7. (a) In order to provide adequate legal protection and effective legal remedies against the circumvention of effective technological measures that authors, performers, and producers of phonograms use in connection with the exercise of their rights and that restrict unauthorised acts in respect of their works, performances, and phonograms, each Party shall provide that any person who:

(i) knowingly, or having reasonable grounds to know, circumvents without authority any effective technological measure that controls access to a protected work, performance, or phonogram, or other subject matter; or

(ii) manufactures, imports, distributes, offers to the public, provides, or otherwise traffics in devices, products, or components, or offers to the public, or provides services that:

(A) are promoted, advertised, or marketed for the purpose of circumvention of any effective technological measure;

(B) have only a limited commercially significant purpose or use other than to circumvent any effective technological measure; or

(C) are primarily designed, produced, or performed for the purpose of enabling or facilitating the circumvention of any effective technological measure,

shall be liable and subject to the remedies specified in Article 17.11.13. Each Party shall provide for criminal procedures and penalties to be applied where any person is found to have engaged wilfully and for the purposes of commercial advantage or financial gain in any of the above activities. Each Party may provide that such criminal procedures and penalties do not apply to a non-profit library, archive, educational institution, or public non-commercial broadcasting entity.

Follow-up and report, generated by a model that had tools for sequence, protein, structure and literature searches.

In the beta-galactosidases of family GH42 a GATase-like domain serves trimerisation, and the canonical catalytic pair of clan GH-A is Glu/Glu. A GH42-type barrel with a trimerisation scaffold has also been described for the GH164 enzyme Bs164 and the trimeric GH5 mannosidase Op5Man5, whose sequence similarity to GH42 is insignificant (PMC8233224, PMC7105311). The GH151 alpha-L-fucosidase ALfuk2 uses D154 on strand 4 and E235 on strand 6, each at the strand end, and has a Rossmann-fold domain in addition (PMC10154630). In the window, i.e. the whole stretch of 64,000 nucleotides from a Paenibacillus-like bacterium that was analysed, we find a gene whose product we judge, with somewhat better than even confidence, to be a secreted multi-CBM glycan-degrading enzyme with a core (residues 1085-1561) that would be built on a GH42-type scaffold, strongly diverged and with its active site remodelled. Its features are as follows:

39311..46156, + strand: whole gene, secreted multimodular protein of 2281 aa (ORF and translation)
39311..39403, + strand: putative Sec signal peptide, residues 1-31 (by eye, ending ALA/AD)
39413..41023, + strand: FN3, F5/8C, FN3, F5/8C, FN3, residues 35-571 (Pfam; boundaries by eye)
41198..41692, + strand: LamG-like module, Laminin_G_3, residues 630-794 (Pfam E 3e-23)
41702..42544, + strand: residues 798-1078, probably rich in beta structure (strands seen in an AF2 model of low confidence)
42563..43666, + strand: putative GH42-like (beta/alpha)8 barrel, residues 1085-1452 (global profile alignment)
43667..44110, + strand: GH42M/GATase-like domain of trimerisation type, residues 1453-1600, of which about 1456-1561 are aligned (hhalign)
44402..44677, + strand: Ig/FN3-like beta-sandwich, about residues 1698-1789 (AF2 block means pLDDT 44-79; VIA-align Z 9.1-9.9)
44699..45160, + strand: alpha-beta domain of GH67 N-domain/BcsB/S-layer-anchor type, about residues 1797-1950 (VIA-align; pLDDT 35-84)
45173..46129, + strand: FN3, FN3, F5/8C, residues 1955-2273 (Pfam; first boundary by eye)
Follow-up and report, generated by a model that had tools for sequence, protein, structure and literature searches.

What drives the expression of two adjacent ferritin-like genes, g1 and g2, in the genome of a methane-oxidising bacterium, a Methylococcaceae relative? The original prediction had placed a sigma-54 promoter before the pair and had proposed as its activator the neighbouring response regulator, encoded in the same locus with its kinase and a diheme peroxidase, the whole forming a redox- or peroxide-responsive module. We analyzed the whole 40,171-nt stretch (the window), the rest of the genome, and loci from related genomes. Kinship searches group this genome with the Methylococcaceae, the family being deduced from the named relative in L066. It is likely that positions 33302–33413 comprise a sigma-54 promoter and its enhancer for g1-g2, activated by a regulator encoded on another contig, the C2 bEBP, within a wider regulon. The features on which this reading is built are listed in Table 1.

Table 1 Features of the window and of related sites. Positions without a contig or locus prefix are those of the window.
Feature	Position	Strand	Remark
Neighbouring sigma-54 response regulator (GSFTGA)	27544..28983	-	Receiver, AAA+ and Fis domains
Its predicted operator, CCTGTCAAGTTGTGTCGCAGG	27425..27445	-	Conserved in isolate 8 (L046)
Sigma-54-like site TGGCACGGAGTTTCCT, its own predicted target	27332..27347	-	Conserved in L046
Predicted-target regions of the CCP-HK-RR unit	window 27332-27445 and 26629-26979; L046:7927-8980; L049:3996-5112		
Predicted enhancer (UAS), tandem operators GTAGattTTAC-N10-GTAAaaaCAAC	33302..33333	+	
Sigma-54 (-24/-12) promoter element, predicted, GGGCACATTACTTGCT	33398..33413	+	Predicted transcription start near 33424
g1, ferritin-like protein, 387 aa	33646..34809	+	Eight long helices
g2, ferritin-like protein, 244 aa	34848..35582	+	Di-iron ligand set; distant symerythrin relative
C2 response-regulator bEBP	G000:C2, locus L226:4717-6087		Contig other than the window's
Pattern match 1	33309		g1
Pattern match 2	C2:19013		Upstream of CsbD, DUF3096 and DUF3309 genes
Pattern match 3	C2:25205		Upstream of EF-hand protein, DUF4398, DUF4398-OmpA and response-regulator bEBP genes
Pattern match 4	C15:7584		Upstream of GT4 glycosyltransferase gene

(b) Effective technological measure means any technology, device, or component that, in the normal course of its operation, controls access to a protected work, performance, phonogram, or other protected subject matter, or protects any copyright.

(c) In implementing sub-paragraph (a), neither Party shall be obligated to require that the design of, or the design and selection of parts and components for, a consumer electronics, telecommunications, or computing product provide for a response to any particular technological measure, so long as the product does not otherwise violate any measures implementing sub-paragraph (a).

(d) Each Party shall provide that a violation of a measure implementing this paragraph is a separate civil or criminal offence and independent of any infringement that might occur under the Party’s copyright law.